author: Krasimir Tsonev

Hi there, I'm . Senior front-end engineer with over 13 years of experience. I write, speak and occasionally code stuff. Follow me on Twitter, GitHub, Facebook or LinkedIn

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Flash, nodejs sockets and cross-domain policy file

Ok, that was a long journey. I took an already build project and I had to make some changes. It's a complex system involving flex applications, nodejs and a mobile site. Before to start making changes I had to setup the project and make it work on my local machine. I spend few days doing this. At the end I successfully compile the flex application and made the necessary corrections. I uploaded the new swf file and of course it didn't work.

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JavaScript: sequencing function calls #2

I created a simple JavaScript library for running functions in a sequence. The story behind this is published here. Today I made few interesting changes which deserve a new blog post.

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Node.js: managing child processes

These days I spent some time working on Yez!. Chrome extension whose main role is to replace the annoying switching between the terminal and the browser. It uses Node.js module to run shell commands. So, I had to deal with child processes, and I decided to document my experience.

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Getting from Redux to a state machine

This article is about Stent - a Redux-liked library that creates and manages state machines. Stent implements some of the Redux’s core ideas and in fact looks a lot like it. At the end of this post we will see that both libraries have a lot in common. Stent is just using state machines under the hood and eliminates some of the boilerplate that comes with Redux’s workflow.

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Meet the JavaScript pattern of the year or how to handle async like a boss

Sometimes when you learn something new you get really excited. Excited to that level so you want to teach it to someone. That is the case with the concept which I found a couple of months ago. It is an implementation of the command pattern using generators. Or the well known saga used in the redux-saga library. In this article we will see how the idea makes our asynchronous code simpler and easy to read. We will also implement it ourself using generators.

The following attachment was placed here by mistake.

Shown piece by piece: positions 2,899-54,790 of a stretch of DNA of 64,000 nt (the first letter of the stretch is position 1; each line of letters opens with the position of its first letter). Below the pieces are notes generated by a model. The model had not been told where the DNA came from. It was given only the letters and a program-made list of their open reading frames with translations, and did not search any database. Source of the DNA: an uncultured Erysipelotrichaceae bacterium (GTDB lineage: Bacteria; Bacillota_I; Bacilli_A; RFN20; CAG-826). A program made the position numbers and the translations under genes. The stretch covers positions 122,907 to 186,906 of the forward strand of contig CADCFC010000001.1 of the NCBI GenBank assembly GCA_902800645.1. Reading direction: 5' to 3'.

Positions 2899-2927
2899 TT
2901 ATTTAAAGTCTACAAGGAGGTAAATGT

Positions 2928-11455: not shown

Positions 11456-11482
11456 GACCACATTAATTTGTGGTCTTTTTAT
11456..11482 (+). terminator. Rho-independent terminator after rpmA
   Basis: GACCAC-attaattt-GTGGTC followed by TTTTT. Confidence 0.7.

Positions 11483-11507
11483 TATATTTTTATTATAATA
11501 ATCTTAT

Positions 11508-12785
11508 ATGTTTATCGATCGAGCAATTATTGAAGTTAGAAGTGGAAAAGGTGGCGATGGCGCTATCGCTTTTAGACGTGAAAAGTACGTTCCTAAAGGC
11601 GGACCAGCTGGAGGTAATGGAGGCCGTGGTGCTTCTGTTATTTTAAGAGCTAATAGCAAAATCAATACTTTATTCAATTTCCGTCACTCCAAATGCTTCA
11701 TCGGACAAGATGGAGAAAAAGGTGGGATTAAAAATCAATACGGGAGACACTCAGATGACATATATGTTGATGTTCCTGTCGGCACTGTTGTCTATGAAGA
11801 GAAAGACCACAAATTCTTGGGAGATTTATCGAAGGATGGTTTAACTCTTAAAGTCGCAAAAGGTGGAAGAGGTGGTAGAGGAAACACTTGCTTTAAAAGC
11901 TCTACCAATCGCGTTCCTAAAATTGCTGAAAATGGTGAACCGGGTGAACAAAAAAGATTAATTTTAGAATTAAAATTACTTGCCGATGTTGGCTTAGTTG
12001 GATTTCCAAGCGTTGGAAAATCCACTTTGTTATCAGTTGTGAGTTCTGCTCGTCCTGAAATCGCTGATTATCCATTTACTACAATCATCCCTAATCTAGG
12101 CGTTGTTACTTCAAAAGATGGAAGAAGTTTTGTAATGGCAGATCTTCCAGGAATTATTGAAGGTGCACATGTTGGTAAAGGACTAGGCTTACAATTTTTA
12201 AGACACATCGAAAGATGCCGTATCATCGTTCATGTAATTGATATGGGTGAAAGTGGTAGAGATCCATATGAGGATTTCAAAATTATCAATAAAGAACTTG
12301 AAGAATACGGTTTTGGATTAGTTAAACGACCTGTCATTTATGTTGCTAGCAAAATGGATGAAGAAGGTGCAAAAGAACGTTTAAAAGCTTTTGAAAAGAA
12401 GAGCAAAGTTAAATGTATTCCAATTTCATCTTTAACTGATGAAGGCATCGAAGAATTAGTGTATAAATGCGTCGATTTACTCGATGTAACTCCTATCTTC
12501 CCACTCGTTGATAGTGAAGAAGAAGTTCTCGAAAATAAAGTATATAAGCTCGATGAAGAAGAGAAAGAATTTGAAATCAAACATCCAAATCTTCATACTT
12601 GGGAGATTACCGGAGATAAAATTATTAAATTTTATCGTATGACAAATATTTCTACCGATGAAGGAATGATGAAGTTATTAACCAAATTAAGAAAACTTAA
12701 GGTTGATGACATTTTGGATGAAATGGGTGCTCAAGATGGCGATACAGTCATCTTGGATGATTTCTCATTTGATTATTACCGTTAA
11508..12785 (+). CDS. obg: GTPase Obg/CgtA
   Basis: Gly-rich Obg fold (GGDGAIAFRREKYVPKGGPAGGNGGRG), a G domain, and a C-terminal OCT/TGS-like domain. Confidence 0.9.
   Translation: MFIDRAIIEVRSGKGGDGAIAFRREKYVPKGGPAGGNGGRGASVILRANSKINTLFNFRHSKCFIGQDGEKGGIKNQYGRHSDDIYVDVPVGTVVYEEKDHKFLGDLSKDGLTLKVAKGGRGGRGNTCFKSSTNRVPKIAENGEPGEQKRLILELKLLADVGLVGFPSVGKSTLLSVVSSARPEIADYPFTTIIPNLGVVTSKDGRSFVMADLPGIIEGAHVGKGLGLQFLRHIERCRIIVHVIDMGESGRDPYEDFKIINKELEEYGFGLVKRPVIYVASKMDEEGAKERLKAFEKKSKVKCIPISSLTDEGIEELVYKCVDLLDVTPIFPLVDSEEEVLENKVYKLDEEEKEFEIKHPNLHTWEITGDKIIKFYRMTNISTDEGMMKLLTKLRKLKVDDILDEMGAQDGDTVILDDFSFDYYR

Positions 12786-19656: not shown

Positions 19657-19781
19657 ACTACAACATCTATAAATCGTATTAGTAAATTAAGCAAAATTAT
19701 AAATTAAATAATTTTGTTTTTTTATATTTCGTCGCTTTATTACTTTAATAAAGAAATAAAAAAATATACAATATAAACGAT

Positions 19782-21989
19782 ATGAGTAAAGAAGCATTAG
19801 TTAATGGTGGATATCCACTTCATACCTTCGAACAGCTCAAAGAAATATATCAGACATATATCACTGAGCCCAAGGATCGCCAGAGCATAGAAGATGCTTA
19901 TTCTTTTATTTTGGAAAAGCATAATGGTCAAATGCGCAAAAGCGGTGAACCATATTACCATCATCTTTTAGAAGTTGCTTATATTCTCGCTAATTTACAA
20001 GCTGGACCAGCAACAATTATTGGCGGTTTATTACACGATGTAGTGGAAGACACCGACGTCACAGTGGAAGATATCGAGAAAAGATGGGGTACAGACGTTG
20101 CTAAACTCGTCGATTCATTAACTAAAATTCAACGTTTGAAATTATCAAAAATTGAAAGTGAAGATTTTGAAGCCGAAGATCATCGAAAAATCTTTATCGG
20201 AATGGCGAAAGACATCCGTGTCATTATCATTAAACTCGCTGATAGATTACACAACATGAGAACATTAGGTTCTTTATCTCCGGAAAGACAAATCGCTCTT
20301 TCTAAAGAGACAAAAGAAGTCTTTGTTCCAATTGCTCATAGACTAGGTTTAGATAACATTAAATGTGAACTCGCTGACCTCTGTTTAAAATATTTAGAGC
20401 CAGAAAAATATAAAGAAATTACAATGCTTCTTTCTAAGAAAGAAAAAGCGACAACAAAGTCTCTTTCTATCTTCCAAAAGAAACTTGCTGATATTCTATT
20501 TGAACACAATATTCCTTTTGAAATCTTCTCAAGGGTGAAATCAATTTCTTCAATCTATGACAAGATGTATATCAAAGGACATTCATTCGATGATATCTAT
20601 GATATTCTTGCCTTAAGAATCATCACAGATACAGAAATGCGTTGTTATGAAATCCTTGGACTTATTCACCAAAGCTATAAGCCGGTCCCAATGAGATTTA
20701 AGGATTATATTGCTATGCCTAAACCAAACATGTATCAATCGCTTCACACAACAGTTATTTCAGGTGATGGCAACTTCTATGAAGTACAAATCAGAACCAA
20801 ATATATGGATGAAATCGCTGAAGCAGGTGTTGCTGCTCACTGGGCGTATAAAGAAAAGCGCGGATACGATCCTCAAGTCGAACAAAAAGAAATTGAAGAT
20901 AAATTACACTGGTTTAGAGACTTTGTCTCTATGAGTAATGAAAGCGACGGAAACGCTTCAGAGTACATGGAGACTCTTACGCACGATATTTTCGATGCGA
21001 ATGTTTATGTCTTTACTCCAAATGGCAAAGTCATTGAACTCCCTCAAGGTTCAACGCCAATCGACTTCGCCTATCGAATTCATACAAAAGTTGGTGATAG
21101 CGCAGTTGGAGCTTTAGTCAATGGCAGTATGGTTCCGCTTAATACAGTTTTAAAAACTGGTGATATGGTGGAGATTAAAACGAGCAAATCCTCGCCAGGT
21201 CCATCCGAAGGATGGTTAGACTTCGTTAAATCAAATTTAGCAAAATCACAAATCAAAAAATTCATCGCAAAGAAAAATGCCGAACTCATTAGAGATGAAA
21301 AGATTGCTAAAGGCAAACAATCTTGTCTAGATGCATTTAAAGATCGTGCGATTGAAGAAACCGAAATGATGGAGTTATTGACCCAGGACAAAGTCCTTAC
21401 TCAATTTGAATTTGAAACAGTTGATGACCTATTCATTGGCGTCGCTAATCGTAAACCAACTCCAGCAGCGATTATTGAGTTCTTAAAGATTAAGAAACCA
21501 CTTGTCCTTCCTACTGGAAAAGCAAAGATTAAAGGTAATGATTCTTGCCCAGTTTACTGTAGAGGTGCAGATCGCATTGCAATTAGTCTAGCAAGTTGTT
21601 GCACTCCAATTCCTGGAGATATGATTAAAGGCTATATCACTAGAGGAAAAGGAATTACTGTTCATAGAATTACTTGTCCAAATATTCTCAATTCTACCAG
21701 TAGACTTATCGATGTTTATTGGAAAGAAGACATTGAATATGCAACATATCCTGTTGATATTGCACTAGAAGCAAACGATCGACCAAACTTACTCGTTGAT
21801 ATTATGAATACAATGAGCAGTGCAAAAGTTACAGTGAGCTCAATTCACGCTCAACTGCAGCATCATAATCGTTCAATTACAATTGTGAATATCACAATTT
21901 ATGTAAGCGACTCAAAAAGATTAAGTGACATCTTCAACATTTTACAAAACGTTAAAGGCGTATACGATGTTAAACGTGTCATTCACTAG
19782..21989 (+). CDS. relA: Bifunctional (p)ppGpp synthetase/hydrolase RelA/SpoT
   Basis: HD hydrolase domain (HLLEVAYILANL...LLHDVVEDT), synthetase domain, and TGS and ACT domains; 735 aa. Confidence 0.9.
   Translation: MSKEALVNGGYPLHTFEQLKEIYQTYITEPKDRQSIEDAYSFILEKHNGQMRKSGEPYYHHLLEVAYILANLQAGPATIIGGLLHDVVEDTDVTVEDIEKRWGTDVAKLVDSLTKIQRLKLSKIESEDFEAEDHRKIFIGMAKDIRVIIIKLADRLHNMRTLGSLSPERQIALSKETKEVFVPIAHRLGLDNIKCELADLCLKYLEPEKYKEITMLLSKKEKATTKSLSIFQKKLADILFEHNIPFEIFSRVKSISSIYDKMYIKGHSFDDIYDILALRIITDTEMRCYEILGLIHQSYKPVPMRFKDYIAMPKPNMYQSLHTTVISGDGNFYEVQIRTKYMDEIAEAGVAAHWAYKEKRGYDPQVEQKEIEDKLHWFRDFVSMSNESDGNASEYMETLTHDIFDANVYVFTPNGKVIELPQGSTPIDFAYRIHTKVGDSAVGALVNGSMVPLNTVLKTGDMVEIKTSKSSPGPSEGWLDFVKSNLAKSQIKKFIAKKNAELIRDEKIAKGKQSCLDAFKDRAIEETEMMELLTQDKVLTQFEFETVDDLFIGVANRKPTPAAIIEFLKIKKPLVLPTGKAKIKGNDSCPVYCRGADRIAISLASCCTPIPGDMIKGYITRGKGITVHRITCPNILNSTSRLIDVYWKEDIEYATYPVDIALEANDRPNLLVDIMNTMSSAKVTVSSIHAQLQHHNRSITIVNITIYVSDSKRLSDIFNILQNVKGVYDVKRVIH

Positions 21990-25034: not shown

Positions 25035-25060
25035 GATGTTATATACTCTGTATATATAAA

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Implementing an async queue in 23 lines of code

Recently we had an interesting task at work. The user makes a selection of items and clicks a button. Then for every selected item we have to make a request to our API. The thing is that the user may click as many items as he/she wants. In order to speed up the process we decided to handle four requests in parallel and once some of them is finished we pull the next one. If you ask why exactly four requests in parallel read this paper.

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React and separation of concerns

Years ago when Facebook announced their JSX syntax we had a wave of comments how this was against some of the well established good practices. The main point of most people was that it violates the separation of concerns. They said that React and its JSX are mixing HTML, CSS and JavaScript which were suppose to be separated.

In this article we will see how React and its ecosystem has quite good separation of concerns. We will prove that markup, styles and logic may live in the same JavaScript land and still be separated.

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Build your own interactive JavaScript playground

Recently I spent some time working on my own JavaScript playground called Demoit. Something like CodeSandbox, JSBin or Codepen. I already blogged about why I did it but decided to write down some implementation details. Everything happens at runtime in the browser so it is pretty interesting project.

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